The stock market's fear gauge is soaring and it could signal investors are in for a 'difficult 2022' if it closes above this key level
- Concerns of a new COVID-19 variant sent Wall Street's fear gauge soaring as much as 51% on Friday.
- The volatility surge could signal an end to the low volatility regime of 2021, according to Fairlead Strategies.
- This is the level the
VIXneeds to close above to signal a "difficult 2022" for the stock market.
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US stocks plunged on Friday, with Wall Street's fear gauge soaring as concerns of a highly mutated variant of COVID-19 spread across markets.
The Cboe Volatility index, known as the VIX, helps measure the level of fear among investors. It jumped as much as 51% on Friday to a high of 28.02, alongside an 800-point plunge in the Dow Jones Industrial Average.
Fairlead Strategies' Katie Stockton believes the surge in volatility on Friday could signal an end to the low-volatility regime in 2021 that delivered more than 20% gains for the broader market, and the start of a "more difficult tape in 2022," according to a Friday note.
That's if the VIX closes above the key 25 level both today and next Friday, as the move higher would be confirmed on a consecutive weekly basis. That level represents a key risk threshold and "would suggest that the market has entered a high-volatility regime after having been in a low-volatility regime for most of 2021," Stockton explained.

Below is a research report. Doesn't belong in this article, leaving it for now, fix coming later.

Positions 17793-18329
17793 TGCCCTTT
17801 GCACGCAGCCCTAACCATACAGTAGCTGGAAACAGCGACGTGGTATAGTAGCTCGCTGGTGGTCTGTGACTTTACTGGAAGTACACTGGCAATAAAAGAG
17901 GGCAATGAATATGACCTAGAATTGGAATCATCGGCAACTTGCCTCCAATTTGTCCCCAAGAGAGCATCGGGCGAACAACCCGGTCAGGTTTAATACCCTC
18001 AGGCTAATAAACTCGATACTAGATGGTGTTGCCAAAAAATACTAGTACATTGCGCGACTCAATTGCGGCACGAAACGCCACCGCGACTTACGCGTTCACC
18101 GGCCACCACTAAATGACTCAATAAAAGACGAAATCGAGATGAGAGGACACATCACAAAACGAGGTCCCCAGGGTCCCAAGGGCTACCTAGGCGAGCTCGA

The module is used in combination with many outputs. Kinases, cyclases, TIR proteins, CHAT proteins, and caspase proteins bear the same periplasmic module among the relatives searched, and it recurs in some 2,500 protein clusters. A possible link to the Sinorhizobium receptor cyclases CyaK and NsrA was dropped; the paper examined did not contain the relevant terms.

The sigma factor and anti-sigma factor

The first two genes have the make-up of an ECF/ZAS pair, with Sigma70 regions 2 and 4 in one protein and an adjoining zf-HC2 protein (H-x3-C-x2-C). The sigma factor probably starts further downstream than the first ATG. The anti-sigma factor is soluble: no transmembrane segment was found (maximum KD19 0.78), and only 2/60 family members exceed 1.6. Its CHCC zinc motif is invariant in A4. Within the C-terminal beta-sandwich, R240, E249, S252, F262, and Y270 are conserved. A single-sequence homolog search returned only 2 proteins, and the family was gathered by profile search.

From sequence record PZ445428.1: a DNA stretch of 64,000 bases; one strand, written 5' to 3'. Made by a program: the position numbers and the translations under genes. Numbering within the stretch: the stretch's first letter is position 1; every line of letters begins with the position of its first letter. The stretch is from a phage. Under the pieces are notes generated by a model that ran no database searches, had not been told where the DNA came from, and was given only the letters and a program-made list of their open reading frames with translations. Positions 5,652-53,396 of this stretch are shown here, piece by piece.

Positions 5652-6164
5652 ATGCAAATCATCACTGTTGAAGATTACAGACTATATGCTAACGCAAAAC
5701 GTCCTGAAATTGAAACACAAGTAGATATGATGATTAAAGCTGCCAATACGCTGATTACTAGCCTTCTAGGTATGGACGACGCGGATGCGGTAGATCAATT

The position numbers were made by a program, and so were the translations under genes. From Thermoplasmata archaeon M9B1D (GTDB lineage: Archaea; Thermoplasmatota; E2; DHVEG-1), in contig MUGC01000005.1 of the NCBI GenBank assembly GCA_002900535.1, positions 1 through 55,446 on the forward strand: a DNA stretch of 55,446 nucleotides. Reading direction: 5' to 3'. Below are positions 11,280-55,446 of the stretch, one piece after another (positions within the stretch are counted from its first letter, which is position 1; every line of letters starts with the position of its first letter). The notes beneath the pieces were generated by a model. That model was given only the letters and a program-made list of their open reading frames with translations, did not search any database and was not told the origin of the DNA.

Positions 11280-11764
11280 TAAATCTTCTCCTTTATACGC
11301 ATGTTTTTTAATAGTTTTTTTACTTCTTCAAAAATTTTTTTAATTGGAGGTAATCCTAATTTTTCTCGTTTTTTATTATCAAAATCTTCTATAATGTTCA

Friday's move catapulted the VIX well above the 20 level, which is a key threshold monitored by quantitative and systematic investment funds that tend to add more equity leverage when the index falls below 20. That leverage is likely being pulled back on Friday as the risk-off trade hits everything from airline stocks to the energy sector.
On the flip side, stay-at-home stocks popular with growth investors like Ark Invest's Cathie Wood surged on Friday, led by names like Zoom Video, Peloton, and Teladoc.
Despite the sharp move in stocks on Friday, Stockton wouldn't be quick to react during the shortened post-Thanksgiving trading day, with
"The pullback comes at a time when many market players are out of the office, contributing to low volume and high volatility. Momentum has weakened enough to give us pause, but we would not be reactive today, rather awaiting a return to normal volumes next week," Stockton said.
The VIX pared its earlier gains and traded around 25.44 Friday morning.
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